Watch out; the yen is rising.
Here’s our theory: Hundreds of billions of dollars are caught up in the ‘carry trade.’ Speculators borrow yen at preposterously low interest rates. They trade the money for other currencies – notably those of English-speaking countries – in order to place the money in higher-yielding investments. They then pocket the difference and think they are geniuses.
The game works beautifully. Nothing goes wrong. That is, until something goes wrong. Then, the speculators get spooked and begin to look for the narrow door that leads out of the trading room. In the best of cases, they exit in an orderly fashion, selling their high-yielding investments and buying back yen so they can repay their loans. Dollars, pounds, and New Zealand dollars go down. Yen and Swiss francs (another low-interest rate currency borrowed for the carry trade) go up.
You will know when the game is over when you see the yen and Swiss franc rising.
Recently, both seem to be moving up. The British pound, on the other hand, took a step down. So far, the movements are so orderly they haven’t even been noticed. But watch out…if something goes really wrong, speculators will make a mad dash for the door and many will be crushed.
Last week’s mini-crash in China scared a few speculators. U.S. stocks, for example, got hammered down below where they began the year. The stocks and bonds of the money shufflers – Goldman Sachs (NYSE: GS), Morgan Stanley (NYSE: MS), Merrill Lynch (NYSE: MER) – seem to have topped out. The swap market tells us that their own traders regard their bonds as though they were junk.
The real action may come today, tomorrow…or a year from now. But when it comes, you will be better off holding yen and Swiss francs than dollars or pounds. Sterling looks particularly risky to us – since so much of the hot money of the money shuffling trade has found its way to London.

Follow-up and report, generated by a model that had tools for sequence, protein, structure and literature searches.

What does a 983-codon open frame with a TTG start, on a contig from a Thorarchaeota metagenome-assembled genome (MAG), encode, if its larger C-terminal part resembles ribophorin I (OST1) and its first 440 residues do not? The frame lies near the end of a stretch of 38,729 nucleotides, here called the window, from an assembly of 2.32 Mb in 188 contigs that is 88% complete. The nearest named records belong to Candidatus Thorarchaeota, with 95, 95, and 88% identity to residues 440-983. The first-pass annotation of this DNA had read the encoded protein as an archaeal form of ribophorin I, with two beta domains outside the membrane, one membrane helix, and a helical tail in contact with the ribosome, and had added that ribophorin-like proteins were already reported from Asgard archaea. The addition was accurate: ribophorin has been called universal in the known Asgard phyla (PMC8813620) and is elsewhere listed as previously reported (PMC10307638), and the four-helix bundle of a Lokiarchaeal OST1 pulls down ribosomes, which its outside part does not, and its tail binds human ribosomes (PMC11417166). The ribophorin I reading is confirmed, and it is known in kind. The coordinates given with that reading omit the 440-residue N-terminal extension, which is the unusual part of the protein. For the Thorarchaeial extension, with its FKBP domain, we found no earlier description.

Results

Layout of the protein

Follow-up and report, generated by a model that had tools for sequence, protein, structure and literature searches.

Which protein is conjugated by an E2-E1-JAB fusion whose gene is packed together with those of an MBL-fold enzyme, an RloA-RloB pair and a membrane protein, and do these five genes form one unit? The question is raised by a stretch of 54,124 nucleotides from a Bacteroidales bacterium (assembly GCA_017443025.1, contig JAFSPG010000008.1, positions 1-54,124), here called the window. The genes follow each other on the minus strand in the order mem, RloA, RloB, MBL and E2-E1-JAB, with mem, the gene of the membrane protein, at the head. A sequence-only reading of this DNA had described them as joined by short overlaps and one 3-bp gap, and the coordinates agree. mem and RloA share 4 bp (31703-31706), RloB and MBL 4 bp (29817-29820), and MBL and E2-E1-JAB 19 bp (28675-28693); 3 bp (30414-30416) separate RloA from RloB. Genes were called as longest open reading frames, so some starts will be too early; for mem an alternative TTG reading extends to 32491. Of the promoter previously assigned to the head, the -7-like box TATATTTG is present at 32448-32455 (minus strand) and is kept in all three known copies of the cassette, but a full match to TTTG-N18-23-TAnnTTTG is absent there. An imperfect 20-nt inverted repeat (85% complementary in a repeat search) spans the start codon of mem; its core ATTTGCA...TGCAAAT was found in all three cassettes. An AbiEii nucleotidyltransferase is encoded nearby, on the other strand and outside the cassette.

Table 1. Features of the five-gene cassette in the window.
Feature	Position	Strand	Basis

In the meantime, we note another curious thing… gold is getting clobbered too. How could that be? Remember, there’s no magic to the yellow metal. It goes up and down like everything else. Gold is money; it represents purchasing power. The excess liquidity pumped into the world economy by the central banks, the carry traders, and the financial industry represents a kind of inflation of purchasing power, too.
And when inflation increases, so does the price of gold – typically overshooting. A collapse of the liquidity bubble, on the other hand, represents a decrease in purchasing power…a deflation. Gold will not necessarily go up when that happens; it could go down. People will need cash to pay their debts. Cash means dollars.
We don’t buy gold because we think it is going up (though we do think it is going up). We buy it because we see the financial world as much riskier than most people think. Inflation…deflation…we expect some kind of ‘flation’ as a result of all the debt and credit pushed onto the world over the last 15 years.
Remember, a correction should be equal and opposite to the deception that preceded it. This new ‘liquidity‘ – trillions of dollars worth – pretends to be real money. It is not. It has no resources…no real savings behind it. Since it is not real…when the correction comes, it will disappear – along with many of the ‘assets’ and much of the “wealth” that people today think they have. The good thing about gold is that it will still be there.
Markets and Money